Pink rises above assembly-line pop

New on CD

Music: in concert, CDs

November 20, 2003|By Joan Anderman | Joan Anderman,THE BOSTON GLOBE

I would love to party with Pink, and that makes me love her new album. If this sounds like dubious criteria for a critic, it's not.

In a pop music landscape littered with boardroom-approved sex kittens and photo-ready rebels -- yes, Pink is all that, too -- the 24-year-old singer has an actual personality. She's cheeky and funny and blunt, all of which infuses her third album, Try This (Arista). When Pink announces she's trouble -- check out the disc's sassy first single -- we believe her.

Imagine Christina or Britney, whose transformations from teen dreams into wild things smack more of a handler's vision than nature's call, pulling off a horn-stoked, throat-shredding tribute to Janis Joplin. Pink does on "Unwind," in part because she can sing a rock song and in part because her willingness to follow forays into R&B Lite (2000's Take Me Home) and confessional dance-pop (2001's M!ssundaztood) with attitude-soaked rock hooks reveals a fundamental fearlessness.

Pink's main collaborator on Try This is Rancid's Tim Armstrong, who co-wrote and produced eight of the album's 13 tracks. Pink harbors no pretensions of blazing new musical paths, and Armstrong does a brilliant job shaping unceremoniously catchy choruses that lasso Pink's supernatural energy.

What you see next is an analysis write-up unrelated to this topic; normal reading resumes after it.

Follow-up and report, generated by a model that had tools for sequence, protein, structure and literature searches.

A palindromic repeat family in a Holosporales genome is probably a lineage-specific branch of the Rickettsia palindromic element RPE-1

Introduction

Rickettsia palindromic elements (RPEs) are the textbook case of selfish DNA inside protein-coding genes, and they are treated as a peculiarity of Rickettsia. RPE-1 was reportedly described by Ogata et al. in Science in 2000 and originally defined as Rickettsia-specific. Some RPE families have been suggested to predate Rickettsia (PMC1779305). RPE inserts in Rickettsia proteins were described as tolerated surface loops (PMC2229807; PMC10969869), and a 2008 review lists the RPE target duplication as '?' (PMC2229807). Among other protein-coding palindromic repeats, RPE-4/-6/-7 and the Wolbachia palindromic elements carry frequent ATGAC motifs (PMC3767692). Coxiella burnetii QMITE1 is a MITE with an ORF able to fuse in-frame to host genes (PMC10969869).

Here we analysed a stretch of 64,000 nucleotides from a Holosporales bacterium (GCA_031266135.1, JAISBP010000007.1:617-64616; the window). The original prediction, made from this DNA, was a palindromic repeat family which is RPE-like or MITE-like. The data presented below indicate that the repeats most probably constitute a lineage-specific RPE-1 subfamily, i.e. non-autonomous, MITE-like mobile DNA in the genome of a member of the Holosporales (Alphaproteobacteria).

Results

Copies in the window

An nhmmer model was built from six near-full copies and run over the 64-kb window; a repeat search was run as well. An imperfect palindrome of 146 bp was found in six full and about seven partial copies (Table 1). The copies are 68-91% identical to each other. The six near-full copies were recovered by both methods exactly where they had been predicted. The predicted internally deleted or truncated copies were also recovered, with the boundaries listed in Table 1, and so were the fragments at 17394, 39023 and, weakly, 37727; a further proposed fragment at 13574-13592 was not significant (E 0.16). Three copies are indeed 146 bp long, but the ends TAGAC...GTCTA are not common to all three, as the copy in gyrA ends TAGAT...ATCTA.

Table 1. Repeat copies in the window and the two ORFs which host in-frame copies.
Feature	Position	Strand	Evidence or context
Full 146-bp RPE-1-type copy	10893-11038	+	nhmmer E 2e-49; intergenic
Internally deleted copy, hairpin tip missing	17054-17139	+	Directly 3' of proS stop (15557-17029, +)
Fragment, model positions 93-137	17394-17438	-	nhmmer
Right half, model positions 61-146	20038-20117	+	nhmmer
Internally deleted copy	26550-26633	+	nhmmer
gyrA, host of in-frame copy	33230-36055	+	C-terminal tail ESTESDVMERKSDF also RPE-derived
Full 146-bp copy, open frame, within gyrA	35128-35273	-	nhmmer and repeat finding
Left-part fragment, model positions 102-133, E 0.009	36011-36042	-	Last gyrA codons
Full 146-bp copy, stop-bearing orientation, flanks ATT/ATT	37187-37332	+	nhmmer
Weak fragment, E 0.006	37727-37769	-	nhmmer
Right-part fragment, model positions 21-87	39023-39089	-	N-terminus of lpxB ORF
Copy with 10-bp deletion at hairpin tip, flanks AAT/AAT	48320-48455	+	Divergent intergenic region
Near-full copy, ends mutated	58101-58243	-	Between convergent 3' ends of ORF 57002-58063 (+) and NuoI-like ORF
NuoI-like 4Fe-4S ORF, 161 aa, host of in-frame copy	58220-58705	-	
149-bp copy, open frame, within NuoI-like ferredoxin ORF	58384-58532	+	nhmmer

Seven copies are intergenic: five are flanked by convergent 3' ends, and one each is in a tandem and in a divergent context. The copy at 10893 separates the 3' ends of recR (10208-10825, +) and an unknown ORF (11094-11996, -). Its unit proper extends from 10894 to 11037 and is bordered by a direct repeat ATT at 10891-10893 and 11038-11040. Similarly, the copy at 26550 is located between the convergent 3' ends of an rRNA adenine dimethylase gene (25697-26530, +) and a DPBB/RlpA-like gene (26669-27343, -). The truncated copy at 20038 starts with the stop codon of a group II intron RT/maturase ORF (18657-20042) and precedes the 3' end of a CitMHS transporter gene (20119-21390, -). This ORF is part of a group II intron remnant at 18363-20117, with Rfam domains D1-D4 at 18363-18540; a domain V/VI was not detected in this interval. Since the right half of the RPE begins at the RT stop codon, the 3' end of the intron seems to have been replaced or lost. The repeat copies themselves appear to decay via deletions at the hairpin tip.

She's irascible in rejection on "Last to Know," a shameless seductress on "Oh My God" -- a collaboration with porn-rapper Peaches -- and she's a loud, proud homegirl in "Humble Neighborhoods." "God is a DJ," an irresistible slice of anthemic pop-rock, is powered by a buoyantly irreverent reduction of life's meaning to cutting loose on the dance floor.

Unfortunately, Armstrong's commanding chain is broken by a string of weak links, courtesy of a handful of other producers. Linda Perry, who was deft at the helm for the bulk of M!ssundaztood, stumbles with "Waiting for Love" -- a trippy, dippy power ballad -- and the middle-of-the-road soul tune "Catch Me While I'm Sleeping."

Likewise, Damon Elliott's "Love Song" saps the crackle and snap that lifts much of Pink's third effort above the pop-rock fray.


Try This (Arista) ** 1/2

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